We’ll definitely be expanding our sound with our debut album. The EPs have been fairly peppy and down to business so far, so it will be nice to explore another side to us that maybe hasn’t shown up on our records yet. We’ve been playing together in different groups for years, but we’re still surprising each other again and again. We all write, so having all our different perspectives naturally create diversity and we’re excited to show that off.

Your mom was always spinning stuff like The Beatles, Elvis and the Rolling Stones. However, you briefly mentioned you listened to a lot of prog. Which prog bands or artists did you listen to? Does prog play any part in the band’s current sound?

Mostly it was Pink Floyd, King Crimson, ELP. I think it would be great to write such a good song like Pink Floyd’s “Great Gig in the Sky” with absolutely no lyrics. Everything we’ve ever listened to informs every decision you make as songwriters, whether it shows you something awesome that you’d like to emulate or something you realize you could do without.

How would you describe the chemistry between the members of Sea Girls?

By this point, it kind of feels like we’re cousins. We’ve known each other for so long and we have each other’s backs, but we’re definitely not afraid to speak our mind to each other.

What is the most frustrating part for you in the songwriting process?

We generally enjoy the writing process, as I’m sure many do. We wouldn’t be doing it if we didn’t. That being said, there’s definitely frustration when someone is trying to translate what they hear in their head and trying to create that and align it with three other ideas. But pushing through initial disagreement is what makes the process special as the song ends up in places you all might not have expected it to go. “Heavenly War” is a good example of that. What feels like a million ideas were bounced around, and the finished product is a blend of all these—and ultimately better for it.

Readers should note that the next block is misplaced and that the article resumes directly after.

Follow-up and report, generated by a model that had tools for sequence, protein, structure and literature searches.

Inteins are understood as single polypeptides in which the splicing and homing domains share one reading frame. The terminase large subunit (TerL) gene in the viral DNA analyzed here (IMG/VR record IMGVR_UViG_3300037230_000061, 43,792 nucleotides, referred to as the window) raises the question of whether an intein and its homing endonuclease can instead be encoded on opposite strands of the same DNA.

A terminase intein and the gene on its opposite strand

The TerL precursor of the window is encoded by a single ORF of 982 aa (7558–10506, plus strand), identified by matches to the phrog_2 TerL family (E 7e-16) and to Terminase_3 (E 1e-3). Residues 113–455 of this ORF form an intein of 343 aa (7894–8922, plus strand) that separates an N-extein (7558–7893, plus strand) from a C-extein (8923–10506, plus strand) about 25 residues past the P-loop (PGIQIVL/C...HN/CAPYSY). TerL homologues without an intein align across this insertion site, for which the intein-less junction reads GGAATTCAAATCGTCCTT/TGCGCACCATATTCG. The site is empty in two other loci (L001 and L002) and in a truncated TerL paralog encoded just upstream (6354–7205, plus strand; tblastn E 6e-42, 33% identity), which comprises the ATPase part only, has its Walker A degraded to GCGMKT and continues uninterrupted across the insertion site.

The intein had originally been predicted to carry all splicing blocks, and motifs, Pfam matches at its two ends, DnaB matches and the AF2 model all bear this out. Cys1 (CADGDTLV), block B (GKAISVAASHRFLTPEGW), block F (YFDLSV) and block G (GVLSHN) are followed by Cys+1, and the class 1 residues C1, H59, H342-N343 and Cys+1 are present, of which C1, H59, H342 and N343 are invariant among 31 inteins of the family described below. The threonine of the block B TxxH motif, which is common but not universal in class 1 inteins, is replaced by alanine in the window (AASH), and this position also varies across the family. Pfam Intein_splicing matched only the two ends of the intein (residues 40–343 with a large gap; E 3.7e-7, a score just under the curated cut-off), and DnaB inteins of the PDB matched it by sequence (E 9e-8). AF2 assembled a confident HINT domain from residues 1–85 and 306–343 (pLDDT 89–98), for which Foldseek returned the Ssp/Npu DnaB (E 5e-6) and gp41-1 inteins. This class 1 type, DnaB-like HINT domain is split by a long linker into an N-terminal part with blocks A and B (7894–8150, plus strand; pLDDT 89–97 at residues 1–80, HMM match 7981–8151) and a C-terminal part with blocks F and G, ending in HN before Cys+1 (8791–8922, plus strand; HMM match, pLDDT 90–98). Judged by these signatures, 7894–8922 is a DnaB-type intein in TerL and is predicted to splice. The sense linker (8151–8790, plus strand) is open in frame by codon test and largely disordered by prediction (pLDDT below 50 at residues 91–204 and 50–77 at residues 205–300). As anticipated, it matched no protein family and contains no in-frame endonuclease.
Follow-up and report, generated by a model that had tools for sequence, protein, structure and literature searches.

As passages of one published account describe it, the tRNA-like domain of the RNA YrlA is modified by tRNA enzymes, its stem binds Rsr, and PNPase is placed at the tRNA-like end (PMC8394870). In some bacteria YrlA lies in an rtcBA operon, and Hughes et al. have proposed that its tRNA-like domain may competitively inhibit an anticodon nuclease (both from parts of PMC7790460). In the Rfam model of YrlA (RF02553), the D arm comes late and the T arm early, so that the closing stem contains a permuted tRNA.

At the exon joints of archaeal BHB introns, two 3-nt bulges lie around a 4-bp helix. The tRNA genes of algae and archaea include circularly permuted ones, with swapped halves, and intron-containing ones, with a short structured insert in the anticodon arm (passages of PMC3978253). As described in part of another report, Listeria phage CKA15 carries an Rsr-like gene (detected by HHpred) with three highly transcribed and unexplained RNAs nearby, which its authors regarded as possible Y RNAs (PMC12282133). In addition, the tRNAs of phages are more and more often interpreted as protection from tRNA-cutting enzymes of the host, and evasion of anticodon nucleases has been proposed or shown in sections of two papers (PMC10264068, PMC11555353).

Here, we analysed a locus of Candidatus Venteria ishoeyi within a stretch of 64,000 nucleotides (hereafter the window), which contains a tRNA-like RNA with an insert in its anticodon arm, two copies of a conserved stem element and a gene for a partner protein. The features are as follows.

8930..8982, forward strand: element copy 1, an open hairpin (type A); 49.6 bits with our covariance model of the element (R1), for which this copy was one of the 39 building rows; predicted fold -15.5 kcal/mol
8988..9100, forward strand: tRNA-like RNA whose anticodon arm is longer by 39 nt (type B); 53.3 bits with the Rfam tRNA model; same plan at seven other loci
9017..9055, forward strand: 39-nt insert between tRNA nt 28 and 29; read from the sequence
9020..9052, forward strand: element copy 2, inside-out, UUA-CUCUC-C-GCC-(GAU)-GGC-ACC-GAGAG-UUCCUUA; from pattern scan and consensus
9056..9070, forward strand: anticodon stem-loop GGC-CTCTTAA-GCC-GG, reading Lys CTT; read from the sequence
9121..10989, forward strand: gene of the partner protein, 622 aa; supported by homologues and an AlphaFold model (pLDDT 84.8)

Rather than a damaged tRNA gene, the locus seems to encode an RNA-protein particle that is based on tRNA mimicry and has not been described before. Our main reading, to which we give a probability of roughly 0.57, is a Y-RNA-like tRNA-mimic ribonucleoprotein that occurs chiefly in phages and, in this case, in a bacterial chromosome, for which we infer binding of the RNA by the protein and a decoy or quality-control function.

Your band started in an apartment above a burger place in London, called Meat Mission. You had described this restaurant as the band’s “genesis,” because you were fueled by burgers. Have you guys heard of Burger Records?

Thanks to Google, I now have heard of Burger Records. That would be a good name for a record company if we started one; dang! After flicking through their Wikipedia and seeing FIDLAR, Ty Segal and the almighty Ryan Adams, I can see they don’t mess around. So there we go, the door is ajar on our side, Burger Records.

Do you have any plans to tour in the U.S. in the near future? Is that something that has interested you?

At some point in every creative Brit’s life, they dream of getting a beat-up car and driving coast to coast, soaking up life a la Kerouac. The U.K. is three times smaller than Texas, so just thinking about that alone is enough to boggle the mind. Just traveling to Glasgow from London seems pretty far to [us] right now. …  Just the idea of playing our music across the pond seems crazy to us, but something that’s very important. The reaction from the U.S. is great so far, and we keep piquing your guys’ interest as long as we’re churning out the anthemic choruses!

Follow writer Kyle Kohner at Twitter.com/kylejkohner.